Provide a container of worms in moist soil. Have children wet their hands before handling worms or dampen them with the water mister. Set out paper plates covered with damp paper towels. Review how to use a magnifying lens. Place a worm (rinsed in clean water, if needed) on each plate. Give small groups of children time to observe and draw, and ask what they notice about the worms.
Materials: earthworms, one for each pair of children (any kind of garden worm is fine; night-crawlers are less active but larger, so the parts are easier to view; smaller worms are often more active and thus more fun; invasive jumping worms are oddly active); water mister, paper plate and damp paper towel for each worm; magnifying lenses.
EARTHWORMS UP CLOSE
Objective: To view some special characteristics of earthworms and consider how these make them well suited to life in the soil.
Have children work in pairs or small groups.
Things to Look for with a Lens:
Body segments – notice how the body seems to be made of many rings
The worm’s digestive tract full of dirt
The front end or mouth of the worm; the tail end – can you tell which is which? Does the worm have eyes? (No, though it can sense light through its skin.)
Continue reading Life in the Dirt – Activities
Characters: Woggle Worm, Wiggle Worm, Dandelion, Cicada, Mole
Woggle Worm Is that you, Wiggle?
Wiggle Worm Hi, Woggle! It’s been a while since we’ve seen each other. What have you been up to?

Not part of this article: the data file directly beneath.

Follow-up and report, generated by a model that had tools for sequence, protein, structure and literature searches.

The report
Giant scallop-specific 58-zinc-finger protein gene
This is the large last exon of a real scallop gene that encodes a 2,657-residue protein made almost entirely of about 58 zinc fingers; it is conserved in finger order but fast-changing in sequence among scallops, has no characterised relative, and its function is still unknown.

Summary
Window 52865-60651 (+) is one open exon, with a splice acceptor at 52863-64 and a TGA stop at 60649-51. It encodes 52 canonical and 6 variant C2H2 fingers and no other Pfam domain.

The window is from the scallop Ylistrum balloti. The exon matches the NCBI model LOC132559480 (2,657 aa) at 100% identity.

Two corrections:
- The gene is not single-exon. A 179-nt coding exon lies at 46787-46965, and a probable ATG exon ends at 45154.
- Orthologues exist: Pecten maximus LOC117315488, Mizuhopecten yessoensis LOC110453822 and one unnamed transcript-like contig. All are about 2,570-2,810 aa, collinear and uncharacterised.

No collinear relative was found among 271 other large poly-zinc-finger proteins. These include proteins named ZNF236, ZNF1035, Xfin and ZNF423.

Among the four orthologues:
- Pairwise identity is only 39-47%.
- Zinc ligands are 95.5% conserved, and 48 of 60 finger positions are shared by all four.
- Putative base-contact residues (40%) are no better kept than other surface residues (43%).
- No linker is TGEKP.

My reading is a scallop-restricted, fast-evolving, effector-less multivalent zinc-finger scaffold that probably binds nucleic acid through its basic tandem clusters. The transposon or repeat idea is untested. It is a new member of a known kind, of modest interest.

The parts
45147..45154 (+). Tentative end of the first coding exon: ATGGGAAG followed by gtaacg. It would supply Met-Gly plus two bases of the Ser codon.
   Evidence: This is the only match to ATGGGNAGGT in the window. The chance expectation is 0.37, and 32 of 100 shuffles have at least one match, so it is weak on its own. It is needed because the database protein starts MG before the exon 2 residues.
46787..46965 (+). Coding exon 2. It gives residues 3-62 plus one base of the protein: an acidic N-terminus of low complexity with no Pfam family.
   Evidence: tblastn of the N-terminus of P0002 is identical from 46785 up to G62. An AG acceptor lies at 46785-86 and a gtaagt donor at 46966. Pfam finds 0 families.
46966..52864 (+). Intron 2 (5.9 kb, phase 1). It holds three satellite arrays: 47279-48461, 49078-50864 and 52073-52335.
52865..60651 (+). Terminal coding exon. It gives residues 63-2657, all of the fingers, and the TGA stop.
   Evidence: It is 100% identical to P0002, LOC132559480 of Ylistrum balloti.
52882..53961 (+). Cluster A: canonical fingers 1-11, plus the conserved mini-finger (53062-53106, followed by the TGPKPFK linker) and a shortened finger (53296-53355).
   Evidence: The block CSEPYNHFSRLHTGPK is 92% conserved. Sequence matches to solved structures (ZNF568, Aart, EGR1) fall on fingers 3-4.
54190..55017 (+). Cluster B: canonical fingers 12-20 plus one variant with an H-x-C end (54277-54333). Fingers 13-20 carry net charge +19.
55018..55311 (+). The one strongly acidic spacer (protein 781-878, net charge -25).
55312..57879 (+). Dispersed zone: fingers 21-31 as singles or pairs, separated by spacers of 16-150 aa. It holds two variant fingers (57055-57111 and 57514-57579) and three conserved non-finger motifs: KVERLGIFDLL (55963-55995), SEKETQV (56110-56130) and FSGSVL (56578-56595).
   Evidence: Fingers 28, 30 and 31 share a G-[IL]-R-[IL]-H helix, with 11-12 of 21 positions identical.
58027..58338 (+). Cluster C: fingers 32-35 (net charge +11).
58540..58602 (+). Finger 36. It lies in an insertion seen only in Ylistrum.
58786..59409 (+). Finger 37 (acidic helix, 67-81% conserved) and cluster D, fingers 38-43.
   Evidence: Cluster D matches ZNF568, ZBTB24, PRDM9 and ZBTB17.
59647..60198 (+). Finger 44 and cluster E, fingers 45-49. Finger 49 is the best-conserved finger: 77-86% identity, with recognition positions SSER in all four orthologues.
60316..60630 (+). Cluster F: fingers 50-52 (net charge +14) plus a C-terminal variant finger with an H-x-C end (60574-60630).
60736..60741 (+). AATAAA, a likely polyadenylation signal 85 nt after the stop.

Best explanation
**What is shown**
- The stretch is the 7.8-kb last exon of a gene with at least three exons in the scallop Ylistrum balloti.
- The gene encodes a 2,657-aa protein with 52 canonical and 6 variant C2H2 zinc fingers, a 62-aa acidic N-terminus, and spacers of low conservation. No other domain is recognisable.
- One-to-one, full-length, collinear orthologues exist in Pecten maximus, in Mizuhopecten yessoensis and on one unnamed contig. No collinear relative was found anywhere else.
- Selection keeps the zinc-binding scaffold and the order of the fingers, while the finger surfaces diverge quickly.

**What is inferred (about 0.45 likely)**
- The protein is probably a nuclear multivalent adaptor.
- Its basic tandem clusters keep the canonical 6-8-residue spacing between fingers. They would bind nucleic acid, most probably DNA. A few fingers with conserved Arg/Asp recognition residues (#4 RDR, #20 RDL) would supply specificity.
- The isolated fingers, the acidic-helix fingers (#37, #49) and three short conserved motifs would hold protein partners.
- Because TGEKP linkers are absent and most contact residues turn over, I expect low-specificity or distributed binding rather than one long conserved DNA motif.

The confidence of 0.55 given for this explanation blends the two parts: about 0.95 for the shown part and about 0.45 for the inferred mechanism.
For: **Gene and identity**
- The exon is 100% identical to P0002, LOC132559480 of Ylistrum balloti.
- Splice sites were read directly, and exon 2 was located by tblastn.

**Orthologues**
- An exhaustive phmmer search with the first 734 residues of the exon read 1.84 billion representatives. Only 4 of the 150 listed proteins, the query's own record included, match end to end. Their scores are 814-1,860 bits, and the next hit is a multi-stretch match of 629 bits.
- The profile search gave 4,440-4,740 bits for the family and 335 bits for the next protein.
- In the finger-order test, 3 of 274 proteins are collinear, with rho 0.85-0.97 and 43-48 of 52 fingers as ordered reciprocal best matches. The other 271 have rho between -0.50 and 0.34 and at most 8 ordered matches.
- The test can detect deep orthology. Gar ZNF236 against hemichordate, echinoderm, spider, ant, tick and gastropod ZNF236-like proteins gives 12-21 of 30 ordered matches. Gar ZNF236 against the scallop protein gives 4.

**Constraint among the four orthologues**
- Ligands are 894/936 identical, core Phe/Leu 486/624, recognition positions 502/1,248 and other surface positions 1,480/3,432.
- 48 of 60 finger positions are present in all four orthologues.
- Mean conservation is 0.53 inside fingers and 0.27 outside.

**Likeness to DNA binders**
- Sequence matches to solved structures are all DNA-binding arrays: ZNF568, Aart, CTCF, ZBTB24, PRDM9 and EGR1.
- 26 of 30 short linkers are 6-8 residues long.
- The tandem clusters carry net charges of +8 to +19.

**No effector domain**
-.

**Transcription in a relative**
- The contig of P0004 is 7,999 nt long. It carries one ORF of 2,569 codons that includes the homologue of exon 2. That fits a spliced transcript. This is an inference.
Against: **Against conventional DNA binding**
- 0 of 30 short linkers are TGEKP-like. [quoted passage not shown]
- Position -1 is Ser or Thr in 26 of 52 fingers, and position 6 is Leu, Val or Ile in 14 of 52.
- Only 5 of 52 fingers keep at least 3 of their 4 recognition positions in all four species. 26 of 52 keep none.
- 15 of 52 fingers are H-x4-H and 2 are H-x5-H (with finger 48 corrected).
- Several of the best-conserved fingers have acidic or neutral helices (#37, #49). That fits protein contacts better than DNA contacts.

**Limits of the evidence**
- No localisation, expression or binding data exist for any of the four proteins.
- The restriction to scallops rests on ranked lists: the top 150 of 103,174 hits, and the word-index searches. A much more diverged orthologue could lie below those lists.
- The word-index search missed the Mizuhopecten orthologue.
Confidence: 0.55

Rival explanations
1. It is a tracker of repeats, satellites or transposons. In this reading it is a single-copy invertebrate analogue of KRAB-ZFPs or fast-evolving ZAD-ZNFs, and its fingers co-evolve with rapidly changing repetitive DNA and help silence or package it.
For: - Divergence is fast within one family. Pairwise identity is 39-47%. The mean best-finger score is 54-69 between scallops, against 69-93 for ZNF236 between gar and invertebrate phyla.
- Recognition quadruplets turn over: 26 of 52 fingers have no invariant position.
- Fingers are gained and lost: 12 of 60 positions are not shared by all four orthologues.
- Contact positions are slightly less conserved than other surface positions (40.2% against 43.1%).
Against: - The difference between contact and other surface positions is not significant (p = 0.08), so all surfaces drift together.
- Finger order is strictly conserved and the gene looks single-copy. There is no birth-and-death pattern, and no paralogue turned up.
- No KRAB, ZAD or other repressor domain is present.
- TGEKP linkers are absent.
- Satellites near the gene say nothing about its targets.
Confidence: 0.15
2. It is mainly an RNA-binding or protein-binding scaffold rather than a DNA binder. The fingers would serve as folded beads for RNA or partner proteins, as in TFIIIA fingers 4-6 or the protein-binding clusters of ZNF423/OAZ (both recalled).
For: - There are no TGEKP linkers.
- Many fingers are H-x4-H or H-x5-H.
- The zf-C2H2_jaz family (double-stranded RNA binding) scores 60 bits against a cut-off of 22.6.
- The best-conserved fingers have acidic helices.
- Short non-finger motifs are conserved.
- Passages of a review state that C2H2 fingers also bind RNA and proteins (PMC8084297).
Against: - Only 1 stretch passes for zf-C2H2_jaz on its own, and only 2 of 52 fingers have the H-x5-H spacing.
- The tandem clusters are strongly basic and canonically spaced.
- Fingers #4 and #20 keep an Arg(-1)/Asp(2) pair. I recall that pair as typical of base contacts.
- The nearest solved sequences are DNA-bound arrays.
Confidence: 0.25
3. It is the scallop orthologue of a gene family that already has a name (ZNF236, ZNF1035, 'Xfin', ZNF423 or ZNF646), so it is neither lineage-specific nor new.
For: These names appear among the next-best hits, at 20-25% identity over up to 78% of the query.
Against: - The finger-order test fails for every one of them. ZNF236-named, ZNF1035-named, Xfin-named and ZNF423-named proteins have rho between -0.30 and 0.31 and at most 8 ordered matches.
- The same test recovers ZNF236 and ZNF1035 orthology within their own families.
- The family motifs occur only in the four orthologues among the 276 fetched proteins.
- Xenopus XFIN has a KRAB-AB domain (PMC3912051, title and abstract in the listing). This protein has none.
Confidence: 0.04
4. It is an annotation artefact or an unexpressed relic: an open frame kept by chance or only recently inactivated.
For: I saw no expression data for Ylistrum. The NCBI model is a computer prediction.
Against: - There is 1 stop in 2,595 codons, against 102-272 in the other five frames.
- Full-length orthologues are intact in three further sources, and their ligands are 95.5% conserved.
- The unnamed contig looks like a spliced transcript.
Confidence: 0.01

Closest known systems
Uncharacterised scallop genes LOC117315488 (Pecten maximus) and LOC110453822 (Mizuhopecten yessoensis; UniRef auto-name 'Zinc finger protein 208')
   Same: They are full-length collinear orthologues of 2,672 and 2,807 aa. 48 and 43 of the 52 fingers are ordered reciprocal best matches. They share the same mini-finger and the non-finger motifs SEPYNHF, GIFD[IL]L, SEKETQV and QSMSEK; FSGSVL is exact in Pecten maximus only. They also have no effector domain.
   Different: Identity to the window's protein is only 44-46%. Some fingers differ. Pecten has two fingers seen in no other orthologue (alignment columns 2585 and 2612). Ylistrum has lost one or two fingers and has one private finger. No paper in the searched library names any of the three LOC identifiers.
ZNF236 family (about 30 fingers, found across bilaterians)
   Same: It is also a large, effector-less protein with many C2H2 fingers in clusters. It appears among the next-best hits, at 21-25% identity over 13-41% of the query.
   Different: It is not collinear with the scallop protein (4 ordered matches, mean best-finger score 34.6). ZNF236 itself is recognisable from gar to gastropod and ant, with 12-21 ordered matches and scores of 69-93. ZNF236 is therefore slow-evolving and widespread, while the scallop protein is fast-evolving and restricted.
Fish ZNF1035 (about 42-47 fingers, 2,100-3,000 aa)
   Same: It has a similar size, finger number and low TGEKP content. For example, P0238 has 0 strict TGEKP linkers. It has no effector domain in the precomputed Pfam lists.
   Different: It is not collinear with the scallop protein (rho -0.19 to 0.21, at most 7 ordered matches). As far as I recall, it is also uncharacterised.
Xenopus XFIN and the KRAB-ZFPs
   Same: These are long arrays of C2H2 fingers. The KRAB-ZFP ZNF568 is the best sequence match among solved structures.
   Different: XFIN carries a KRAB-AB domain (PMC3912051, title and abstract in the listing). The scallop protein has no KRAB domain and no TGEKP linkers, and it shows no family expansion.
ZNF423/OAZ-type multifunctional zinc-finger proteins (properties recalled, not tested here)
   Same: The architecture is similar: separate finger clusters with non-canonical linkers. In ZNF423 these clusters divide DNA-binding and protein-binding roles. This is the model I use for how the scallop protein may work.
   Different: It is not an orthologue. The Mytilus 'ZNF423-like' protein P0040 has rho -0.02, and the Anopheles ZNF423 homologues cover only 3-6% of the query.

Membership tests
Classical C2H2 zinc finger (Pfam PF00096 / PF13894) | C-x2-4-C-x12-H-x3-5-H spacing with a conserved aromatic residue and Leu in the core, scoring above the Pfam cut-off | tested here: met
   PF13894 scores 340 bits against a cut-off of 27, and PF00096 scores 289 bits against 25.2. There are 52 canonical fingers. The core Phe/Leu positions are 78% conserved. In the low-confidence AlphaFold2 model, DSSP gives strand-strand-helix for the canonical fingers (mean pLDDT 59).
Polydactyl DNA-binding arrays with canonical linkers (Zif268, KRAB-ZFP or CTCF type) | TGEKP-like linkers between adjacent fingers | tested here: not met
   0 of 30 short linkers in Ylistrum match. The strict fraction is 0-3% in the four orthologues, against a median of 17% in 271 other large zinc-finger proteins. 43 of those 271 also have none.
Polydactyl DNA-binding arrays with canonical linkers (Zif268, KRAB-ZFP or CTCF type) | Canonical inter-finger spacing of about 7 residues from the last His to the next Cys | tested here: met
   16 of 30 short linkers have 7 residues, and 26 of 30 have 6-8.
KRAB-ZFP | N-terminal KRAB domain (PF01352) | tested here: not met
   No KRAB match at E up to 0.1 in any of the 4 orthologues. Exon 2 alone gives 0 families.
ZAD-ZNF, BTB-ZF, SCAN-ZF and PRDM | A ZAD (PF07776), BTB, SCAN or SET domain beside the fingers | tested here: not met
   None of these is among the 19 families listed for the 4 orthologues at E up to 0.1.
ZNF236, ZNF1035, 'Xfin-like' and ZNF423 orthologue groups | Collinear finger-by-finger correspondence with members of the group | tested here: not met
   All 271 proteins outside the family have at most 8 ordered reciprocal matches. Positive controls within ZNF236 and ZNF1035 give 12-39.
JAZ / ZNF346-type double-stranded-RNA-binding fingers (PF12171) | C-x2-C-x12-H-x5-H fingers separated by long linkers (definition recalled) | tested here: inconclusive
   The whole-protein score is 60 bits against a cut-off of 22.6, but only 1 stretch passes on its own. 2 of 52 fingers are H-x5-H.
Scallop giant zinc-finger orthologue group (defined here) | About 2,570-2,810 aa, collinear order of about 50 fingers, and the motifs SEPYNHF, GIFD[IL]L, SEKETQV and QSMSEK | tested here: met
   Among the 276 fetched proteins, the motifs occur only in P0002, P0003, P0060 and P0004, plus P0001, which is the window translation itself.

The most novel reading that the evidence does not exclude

Woggle You mean down to. I’ve just been enjoying the dirt. And now that we’ve gotten some rain, it’s so easy to get around!
Wiggle And easy to breathe. When you breathe through your skin, the way we worms do, you need to stay damp. Continue reading Life in the Dirt – Puppet Show
LIFE IN THE DIRT ALIGNMENT WITH
NEXT GENERATION SCIENCE STANDARDS
The activities in this unit help children understand the basic concepts in the Disciplinary Core Ideas listed here. You can use the following list as a guide for lesson planning. These Disciplinary Core Ideas are taken from Grade Band Endpoints in A Framework for K-12 Science Education. Additionally, our activities give children opportunities to engage in many of the Science and Engineering Practices and reflect on the Crosscutting Concepts as identified in the Next Generation Science Standards. Continue reading Life in the Dirt – Standards